As the European General Data Protection Regulation (GDPR) scheme looms, bringing with it an unprecedented emphasis on data protection, many organisations are grappling with how to prepare for the necessary technology required to keep sensitive data safe.
The GDPR aims to create a unified approach to data protection across the European Union and all foreign companies processing data of EU residents, or any companies that have business interests in EU. Greater accountability and governance are central requirements within GDPR compliance, and some businesses have neither the processes nor systems in place to meet these requirements yet. With organisations at risk of facing severe financial penalties for contravention not to mention the increased risk of cyberattack, it has never been more critical to make data precision and accuracy a key business priority.
While the Australian government remains committed to privacy laws, the Data Availability and Use Taskforce reached a consensus that using and sharing of data will encourage innovation and competition, improve the delivery of government services, better inform policy development and deliver greater choice and outcomes for individuals and society as a whole.
An essential part of building a foundation for data availability and use is understanding the flow of personal data around a business, end to end and outside of the business. Businesses across the public and private sector need to take a look at their customer information, and how they gather, store, organise and protect it. At Pitney Bowes, conversations we’re currently having with clients on building a foundation for data sharing compliance focus on three key areas:
Understanding the flow of data around and outside the organisation
A number of organisations struggle when it comes to effective data acquisition, which in turn has a direct impact on data management and security. Even at the earliest of stages in the customer journey, it’s easy to see the complications and complexities which arise as data begins its flow around the business.
Massive amounts of customer information are now being gathered via the ubiquity of mobile phones, social networks and the Internet of Things, enhancing the need for organisations to know their customers like never before. It will be vital that organisations discover where Personally Identifiable Information (PII) is being held, how and for what reason it is being held, and ultimately how to effectively integrate it across systems. With PII data often proliferating across many systems across organisations, including many legacy ones, this is a significant challenge for most firms.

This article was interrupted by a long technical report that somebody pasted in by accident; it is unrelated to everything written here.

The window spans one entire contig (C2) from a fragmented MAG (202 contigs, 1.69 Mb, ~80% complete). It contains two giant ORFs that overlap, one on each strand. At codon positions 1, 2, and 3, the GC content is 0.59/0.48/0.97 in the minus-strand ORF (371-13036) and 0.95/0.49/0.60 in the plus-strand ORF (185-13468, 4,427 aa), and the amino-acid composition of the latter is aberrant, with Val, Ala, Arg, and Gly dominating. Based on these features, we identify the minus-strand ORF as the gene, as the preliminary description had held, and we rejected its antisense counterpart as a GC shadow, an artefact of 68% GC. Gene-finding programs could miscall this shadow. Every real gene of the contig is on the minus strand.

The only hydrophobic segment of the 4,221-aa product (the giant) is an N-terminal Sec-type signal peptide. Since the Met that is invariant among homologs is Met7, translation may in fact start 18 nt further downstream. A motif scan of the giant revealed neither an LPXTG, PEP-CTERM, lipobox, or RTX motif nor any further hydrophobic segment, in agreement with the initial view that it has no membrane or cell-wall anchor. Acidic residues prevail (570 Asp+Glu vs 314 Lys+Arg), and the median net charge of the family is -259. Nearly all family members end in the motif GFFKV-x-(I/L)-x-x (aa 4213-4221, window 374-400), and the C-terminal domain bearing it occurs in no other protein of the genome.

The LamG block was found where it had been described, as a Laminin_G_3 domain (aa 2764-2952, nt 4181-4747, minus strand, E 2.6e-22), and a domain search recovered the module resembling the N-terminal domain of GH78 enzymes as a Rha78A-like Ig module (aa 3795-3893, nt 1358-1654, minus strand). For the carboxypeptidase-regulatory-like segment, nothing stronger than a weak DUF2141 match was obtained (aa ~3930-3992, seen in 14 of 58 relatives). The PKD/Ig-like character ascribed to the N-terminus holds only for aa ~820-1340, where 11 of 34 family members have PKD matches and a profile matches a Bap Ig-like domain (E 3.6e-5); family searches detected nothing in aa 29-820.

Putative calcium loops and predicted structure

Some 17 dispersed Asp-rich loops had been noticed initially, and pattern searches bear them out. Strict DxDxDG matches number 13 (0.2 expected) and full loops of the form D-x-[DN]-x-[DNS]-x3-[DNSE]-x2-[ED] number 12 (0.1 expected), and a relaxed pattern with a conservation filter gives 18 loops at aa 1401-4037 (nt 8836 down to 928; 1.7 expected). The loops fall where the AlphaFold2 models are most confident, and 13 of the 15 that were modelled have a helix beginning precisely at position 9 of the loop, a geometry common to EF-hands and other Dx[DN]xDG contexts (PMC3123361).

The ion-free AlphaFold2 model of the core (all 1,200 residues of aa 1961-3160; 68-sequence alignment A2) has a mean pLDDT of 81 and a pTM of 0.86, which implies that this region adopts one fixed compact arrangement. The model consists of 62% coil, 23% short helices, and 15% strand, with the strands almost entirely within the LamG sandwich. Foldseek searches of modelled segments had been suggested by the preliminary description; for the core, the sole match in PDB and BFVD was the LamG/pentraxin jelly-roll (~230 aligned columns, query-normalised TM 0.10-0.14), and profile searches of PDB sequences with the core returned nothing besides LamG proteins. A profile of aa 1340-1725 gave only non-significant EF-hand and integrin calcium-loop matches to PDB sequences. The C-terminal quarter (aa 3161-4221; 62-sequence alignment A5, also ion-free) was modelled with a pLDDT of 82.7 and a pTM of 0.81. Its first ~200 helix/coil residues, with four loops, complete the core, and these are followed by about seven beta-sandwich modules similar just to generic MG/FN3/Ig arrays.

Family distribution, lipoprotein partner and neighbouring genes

As the customer journey progresses and customer experience develops, the data flow becomes even more complex and open to risk of duplication, of inputting error, of expiry and inaccuracy as more data points are created and more employees record information on that customer in different ways, for different purposes. Organisations need to gain a broader understanding of the flow of their data through their business, its inputs, processing and output, if they are to prepare themselves for the GDPR.
Keeping data current
Keeping data current and accurate through effective customer information management is an important foundation for GDPR compliance. Businesses must minimise the data they hold, and have governance procedures that support individuals’ rights of access, rectification, deletion and the restriction of data processing.
By harnessing the right technologies, organisations have the opportunity to increase efficiency by consolidating and simplifying backup and recovery regimes. This can reduce the number of copies of the data that exist, while safely leveraging the capabilities offered by both private and public cloud. This type of modernisation also ensures genuine business continuity capabilities in the event of ransomware and other cyber threats going forward.
A solid customer information management strategy for dealing with data issues must include plans for — and technologies to — aggregate, cleanse, federate, enrich and govern expanding stores of information. Some customer information management platforms can help with this, with in-built capabilities including data profiling, standardisation and normalisation of data, advanced data matching and consolidation, validating organisation’s data against the very best available reference data.
Uncovering connections within the data
Data disparity creates challenges, such as data regulations compliance but it also creates gaps for businesses when extracting customer insight. At Pitney Bowes, we look at businesses where there are many customers, large volumes of data, and complex relationships within the data. A solution lies in creating a single customer view as this can help improve those relationships and processes across organisations. Centralising data management strategy and achieving a single customer view are crucial components to growth, efficiency and cost control.
All in all, the GDPR will be a pivotal moment for companies as they will have to share and protect data at the same time. Solutions like single customer view will empower companies to discover, prepare and act to get started on the path to be data compliant.
Nigel Lester is managing director of software solutions for Pitney Bowes ANZ.